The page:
HIST2202 Civilisation and Barbarism in European Culture
- 6 points
If this unit does not have an online alternative, then students who are presently unable to enter Western Australia and whose studies would be delayed by an inability to complete this unit, should contact the unit coordinator (details given on this page) to ascertain, on an individual case-by-case basis, if alternate arrangements can be made to support their study in this unit.
Availability Location Mode Not available in 2021 UWA (Perth) Face to face Predominantly face-to-face. On campus attendance required to complete this unit. May have accompanying resources online.
- Details for undergraduate courses
- Level 2 option in the History major sequence
- Level 2 elective
- This Level 2 unit in the history of ideas explores the development of 'civilisation' and 'barbarism' in European culture and thought since the Renaissance. Topics focus on critical and self-reflexive accounts of European civilisation, including the Renaissance discovery of otherness; the Enlightenment ideal of the 'noble savage'; post-Enlightenment critiques of civilisation; twentieth-century narratives of 'civilised violence' and civilisational decay; and contemporary reflections on the state of 'Europe' as a civilisational project. Students are introduced to theories of the dialectic of civilisation and barbarism and the civilising process. Literary and theoretical texts drawn from the European tradition are studied in sociohistorical context in order to arrive at a critical understanding of the development of European civilisational values.
- Students are able to (1) analyse a range of significant literary and theoretical works that engage with ideas of civilisation and barbarism; (2) demonstrate understanding of the development of European concepts of civilisation, civility and civil society and their opposites, 'nature' and 'barbarism'; (3) apply the principles of ethical research, analytical thinking, clear writing and correct documentation in written assignments; and (4) communicate orally and interact constructively and productively in interpersonal (classroom) situations.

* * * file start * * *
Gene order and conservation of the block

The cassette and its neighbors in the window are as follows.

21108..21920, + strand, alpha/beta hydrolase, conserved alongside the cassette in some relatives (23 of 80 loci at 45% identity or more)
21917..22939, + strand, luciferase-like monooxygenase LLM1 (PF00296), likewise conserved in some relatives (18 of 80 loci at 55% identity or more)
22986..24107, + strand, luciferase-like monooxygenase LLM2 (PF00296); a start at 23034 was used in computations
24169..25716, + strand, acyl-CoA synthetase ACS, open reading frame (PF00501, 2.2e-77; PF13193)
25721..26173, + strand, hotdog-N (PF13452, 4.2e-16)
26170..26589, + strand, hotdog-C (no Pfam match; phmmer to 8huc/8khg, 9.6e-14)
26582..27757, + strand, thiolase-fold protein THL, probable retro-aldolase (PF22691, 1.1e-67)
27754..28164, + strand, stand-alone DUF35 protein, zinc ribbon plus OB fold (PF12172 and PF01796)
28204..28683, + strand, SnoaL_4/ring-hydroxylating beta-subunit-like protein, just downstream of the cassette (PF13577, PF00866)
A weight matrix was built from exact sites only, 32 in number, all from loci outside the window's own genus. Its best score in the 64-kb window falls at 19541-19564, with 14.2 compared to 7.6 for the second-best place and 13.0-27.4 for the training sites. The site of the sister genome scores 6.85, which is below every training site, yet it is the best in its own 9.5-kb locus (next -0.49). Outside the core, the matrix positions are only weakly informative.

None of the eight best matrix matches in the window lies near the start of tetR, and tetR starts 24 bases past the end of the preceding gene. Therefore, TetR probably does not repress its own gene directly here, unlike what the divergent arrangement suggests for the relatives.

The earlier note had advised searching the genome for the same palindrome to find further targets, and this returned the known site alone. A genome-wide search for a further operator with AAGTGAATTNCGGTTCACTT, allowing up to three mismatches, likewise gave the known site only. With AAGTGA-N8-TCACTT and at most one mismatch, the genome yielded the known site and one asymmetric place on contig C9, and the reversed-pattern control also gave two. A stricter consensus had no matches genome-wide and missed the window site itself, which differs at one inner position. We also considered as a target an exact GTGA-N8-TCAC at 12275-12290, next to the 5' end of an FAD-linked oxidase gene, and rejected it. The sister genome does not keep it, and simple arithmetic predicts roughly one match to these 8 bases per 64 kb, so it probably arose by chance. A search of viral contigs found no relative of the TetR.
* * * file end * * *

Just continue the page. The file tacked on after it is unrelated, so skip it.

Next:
- Indicative assessments in this unit are as follows: (1) critical analysis; (2) research essay; and (3) tutorial participation. Further information is available in the unit outline.
Supplementary assessment is not available in this unit except in the case of a bachelor's pass degree student who has obtained a mark of 45 to 49 overall and is currently enrolled in this unit, and it is the only remaining unit that the student must pass in order to complete their course.
- Unit Coordinator(s)
- Dr Kati Tonkin
- Unit rules
- EURO2201 Civilisation and Barbarism in European Cultural History
- Contact hours
- Seminar: 1 x 90-minute seminar for 10 weeks; online modules: approx. 1 x 60 minutes per week for 10 weeks. No lectures.
William Shakespeare, The Tempest
Sigmund Freud, Civilisation and its Discontents
Fyodor Dostoevsky, Notes from Underground
Thomas Mann, Death in Venice And Seven Other Stories
- The availability of units in Semester 1, 2, etc. was correct at the time of publication but may be subject to change.
- All students are responsible for identifying when they need assistance to improve their academic learning, research, English language and numeracy skills; seeking out the services and resources available to help them; and applying what they learn. Students are encouraged to register for free online support through GETSmart; to help themselves to the extensive range of resources on UWA's STUDYSmarter website; and to participate in WRITESmart and (ma+hs)Smart drop-ins and workshops.
- Unit readings, including any essential textbooks, are listed in the unit outline for each unit, one week prior the commencement of study. The unit outline will be available via the LMS and the UWA Handbook one week prior the commencement of study. Reading lists and essential textbooks are subject to change each semester. Information on essential textbooks will also be made available on the Essential Textbooks. This website is updated regularly in the lead up to semester so content may change. It is recommended that students purchase essential textbooks for convenience due to the frequency with which they will be required during the unit. A limited number of textbooks will be made available from the Library in print and will also be made available online wherever possible. Essential textbooks can be purchased from the commercial vendors to secure the best deal. The Student Guild can provide assistance on where to purchase books if required. Books can be purchased second hand at the Guild Secondhand bookshop (second floor, Guild Village), which is located on campus.